Yorkshire's small firms show better productivity gains

Hull was cited as an area to watchHull was cited as an area to watch
Hull was cited as an area to watch
Northern SMEs are outpacing much of the South on productivity gains, research has claimed.

The UK Local Growth Dashboard 2018, published by the Enterprise Research Centre, shows that firms in Yorkshire, the North West and North East showing above-average rises in their productivity, defined as turnover growing faster than employment.

Both Greater Manchester and Leeds are in the top 10 regions for productivity growth, with 9.2 per cent and 9.1 per cent of firms respectively becoming more productive over the 2014-2017 period.

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This was ahead of London, where 9 per cent of firms achieved this.

The North’s start-up rate is on average lower than that in the Midlands and South, but many Northern areas appear to be creating the right environment for growth.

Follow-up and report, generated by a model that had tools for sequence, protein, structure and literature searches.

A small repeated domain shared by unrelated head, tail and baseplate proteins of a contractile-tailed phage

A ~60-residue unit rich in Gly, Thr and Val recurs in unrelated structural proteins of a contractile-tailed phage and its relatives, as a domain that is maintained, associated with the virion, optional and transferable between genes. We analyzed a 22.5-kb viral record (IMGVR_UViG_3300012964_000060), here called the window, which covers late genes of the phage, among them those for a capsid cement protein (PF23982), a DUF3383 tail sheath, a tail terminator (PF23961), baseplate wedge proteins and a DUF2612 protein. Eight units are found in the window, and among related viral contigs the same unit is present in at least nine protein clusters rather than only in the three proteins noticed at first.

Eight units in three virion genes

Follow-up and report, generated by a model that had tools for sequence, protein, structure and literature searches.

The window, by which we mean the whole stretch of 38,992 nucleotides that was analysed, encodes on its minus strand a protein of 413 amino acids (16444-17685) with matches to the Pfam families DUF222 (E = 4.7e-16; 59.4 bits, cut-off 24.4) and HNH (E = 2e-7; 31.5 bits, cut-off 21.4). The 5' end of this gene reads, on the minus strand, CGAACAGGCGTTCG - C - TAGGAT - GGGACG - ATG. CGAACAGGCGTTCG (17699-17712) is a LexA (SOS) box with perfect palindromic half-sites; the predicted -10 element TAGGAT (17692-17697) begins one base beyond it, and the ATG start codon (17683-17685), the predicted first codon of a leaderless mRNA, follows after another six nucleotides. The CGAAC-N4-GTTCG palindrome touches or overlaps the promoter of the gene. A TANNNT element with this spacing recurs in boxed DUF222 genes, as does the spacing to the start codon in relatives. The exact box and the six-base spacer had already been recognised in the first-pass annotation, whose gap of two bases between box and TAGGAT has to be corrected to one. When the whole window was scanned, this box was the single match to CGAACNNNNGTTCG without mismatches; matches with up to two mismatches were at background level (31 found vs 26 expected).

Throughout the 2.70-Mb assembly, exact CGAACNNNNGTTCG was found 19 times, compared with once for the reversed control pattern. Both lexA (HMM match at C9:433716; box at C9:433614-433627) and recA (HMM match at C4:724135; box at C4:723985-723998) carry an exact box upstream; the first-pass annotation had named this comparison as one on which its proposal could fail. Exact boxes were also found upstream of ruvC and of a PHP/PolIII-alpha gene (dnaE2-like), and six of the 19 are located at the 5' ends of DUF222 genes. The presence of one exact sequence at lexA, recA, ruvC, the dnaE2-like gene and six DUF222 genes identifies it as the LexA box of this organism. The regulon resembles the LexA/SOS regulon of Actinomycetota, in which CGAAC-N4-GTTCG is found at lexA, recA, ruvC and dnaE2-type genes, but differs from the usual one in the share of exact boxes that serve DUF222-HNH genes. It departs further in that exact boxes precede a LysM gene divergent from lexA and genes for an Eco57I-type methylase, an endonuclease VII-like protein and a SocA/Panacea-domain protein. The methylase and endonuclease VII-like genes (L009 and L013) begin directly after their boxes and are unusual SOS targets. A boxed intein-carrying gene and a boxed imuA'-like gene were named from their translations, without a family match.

Start-ups scaling to £1m plus turnover within three years are well-represented in Greater Manchester, Cheshire and Warrington and Humberside – all above the UK average of 1.9 per cent.

Professor Mark Hart, Deputy Director of the ERC, said: “Our findings show a complex geography which challenges some of the preconceptions about the ‘hotspots’ of business growth across the UK.

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“What’s clear is that there are pockets of SME dynamism right across the country and it’s not as simplistic as either a North-South or urban-rural split. That being said, it’s also true that firms in some parts of the country face more of a struggle to scale up and grow their productivity.

“The challenge now for policymakers is to learn the lessons of what’s working at local level so that we spread best practice right across the country.

“This is especially important as the UK prepares for Brexit to help mitigate any shock to local economies.”

The report also found that start-up rates are highest in London and the wider South of England, with hotspots in the Midlands and North. Wales, Scotland and Northern Ireland show much lower start-up rates than England.

Coastal and rural parts of England in general showed lower rates of business growth.